This exhibit draws on articles from the University of Richmond's school newspaper, The Collegian, and the school literary magazine, The Messenger, to provide insight into what students believed was important to write about during this period. This exhibit also utilizes online, non-University sources to provide more historical context regarding how minstrel shows, Negro spirituals, and policy generally existed in society and popular culture during this time. By looking at University sources as well as outside sources, this exhibit can shed light on, and expand upon, the relationship between race and music, and the way that attitudes around race and racism were constructed through permission of problematic musical performances and restriction of certain music genres.
Fraternities at the university have an astounding past surrounding the topic of race and racism, as documented by yearbook pictures and paraphernalia within each fraternity’s history. Unlike fraternities on campus who have exhibited overt forms of racism, sororities have “new” forms of exclusionary practices--often referred to as "covert" or "new" racism--as evidenced through yearbook pictures and Collegian articles.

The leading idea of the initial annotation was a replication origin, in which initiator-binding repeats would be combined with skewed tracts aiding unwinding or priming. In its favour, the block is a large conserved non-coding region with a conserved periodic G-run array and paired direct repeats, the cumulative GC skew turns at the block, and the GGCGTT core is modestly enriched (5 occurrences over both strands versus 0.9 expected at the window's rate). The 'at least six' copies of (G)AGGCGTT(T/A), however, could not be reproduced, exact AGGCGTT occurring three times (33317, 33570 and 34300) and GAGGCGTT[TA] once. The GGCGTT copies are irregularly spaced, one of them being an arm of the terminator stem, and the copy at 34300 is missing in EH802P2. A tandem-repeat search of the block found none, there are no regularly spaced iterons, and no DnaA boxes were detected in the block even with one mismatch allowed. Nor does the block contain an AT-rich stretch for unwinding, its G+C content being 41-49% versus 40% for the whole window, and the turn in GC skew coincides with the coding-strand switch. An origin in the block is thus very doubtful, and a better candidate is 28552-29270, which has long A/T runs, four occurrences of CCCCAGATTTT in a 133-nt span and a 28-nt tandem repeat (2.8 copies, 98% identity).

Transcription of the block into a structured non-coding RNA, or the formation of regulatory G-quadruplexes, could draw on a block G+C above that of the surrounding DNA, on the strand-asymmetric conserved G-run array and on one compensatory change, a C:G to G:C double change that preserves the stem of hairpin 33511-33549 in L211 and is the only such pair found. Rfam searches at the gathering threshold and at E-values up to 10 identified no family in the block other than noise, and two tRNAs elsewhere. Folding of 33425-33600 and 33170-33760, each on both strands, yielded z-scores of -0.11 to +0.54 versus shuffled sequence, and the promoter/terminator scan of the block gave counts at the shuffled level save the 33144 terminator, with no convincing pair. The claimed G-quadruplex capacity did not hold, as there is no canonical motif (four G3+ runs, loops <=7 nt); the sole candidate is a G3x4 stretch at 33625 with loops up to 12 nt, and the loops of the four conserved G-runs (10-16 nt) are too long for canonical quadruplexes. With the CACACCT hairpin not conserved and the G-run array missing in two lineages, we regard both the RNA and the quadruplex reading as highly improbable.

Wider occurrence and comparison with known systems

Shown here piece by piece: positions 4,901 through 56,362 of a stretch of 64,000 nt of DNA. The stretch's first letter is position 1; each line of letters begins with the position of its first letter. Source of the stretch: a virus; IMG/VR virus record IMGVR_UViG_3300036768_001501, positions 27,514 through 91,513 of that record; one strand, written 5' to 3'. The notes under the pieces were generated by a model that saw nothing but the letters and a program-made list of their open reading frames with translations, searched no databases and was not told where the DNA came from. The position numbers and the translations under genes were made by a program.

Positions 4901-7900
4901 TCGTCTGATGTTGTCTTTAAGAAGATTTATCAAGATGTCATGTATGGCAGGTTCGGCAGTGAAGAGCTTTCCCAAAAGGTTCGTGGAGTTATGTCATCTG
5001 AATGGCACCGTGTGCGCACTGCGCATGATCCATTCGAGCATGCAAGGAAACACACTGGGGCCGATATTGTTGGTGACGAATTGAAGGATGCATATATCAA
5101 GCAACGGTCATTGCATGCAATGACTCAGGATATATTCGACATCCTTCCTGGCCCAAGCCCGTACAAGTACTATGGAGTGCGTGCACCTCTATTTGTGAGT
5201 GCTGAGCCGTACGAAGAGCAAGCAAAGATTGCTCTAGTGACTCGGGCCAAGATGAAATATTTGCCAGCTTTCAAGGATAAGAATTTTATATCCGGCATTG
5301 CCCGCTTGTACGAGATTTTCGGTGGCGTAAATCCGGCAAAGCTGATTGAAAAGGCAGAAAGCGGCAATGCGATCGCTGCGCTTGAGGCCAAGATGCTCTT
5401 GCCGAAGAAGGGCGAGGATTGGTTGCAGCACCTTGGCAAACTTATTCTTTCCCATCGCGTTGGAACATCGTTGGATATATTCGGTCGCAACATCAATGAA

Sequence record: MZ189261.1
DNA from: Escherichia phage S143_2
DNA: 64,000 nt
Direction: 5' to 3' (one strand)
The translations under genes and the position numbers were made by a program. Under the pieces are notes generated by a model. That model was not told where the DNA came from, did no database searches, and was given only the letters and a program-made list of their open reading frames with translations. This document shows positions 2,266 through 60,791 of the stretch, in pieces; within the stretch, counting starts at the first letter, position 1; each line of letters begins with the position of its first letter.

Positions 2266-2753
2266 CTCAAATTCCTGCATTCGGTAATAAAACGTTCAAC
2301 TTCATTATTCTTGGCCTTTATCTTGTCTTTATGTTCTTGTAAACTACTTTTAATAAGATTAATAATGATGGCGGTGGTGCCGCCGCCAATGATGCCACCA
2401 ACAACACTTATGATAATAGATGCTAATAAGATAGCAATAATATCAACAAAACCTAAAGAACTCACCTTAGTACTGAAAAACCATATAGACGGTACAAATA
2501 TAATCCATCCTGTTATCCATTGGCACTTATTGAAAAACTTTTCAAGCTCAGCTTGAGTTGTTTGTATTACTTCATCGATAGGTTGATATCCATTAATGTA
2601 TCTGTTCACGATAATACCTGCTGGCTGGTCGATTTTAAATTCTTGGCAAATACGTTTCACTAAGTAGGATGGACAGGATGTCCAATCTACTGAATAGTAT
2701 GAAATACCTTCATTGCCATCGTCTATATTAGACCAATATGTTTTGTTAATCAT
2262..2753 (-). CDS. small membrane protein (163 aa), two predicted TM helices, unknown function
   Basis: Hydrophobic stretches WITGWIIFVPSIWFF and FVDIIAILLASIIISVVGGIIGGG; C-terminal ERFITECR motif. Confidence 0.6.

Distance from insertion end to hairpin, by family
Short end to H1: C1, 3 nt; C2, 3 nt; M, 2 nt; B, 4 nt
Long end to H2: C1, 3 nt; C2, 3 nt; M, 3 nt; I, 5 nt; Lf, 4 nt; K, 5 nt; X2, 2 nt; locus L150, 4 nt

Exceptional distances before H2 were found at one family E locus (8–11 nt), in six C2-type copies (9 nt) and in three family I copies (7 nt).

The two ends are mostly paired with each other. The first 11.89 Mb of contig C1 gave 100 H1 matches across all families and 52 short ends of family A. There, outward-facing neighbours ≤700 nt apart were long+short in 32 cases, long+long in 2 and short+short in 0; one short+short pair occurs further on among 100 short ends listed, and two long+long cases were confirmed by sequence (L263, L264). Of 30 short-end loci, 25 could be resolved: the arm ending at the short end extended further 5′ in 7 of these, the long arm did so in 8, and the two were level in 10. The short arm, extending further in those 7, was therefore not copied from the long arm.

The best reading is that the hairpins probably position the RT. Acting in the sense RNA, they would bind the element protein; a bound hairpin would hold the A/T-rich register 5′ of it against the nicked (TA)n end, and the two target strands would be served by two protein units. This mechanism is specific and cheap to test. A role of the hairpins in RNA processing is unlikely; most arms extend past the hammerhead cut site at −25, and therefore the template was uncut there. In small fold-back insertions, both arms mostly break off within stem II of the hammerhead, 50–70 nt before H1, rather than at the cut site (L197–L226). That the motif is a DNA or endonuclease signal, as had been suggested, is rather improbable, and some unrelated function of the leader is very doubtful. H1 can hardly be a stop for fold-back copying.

Historically, white sororities were first chartered at the University of Richmond in 1986 and were hotly debated upon by students, faculty, administrators, and Board of Trustee members. As the fight for sororities expanded from white sororities to Historically Black Sororities in the early 1990s, subtle forms of racism became apparent and highlighted the exclusionary practices of Greek like towards students of color on campus. The exclusionary practices observed in the historically white sororities on campus are found in the unspoken absence of people of color rather than obvious pictures and artifacts, leading many students to view these institutions as perpetuating racism on campus.
This exhibit tracks the history of the establishment of first white sororities and then Black sororities on campus, in efforts to make the social scene at the University of Richmond more inclusive.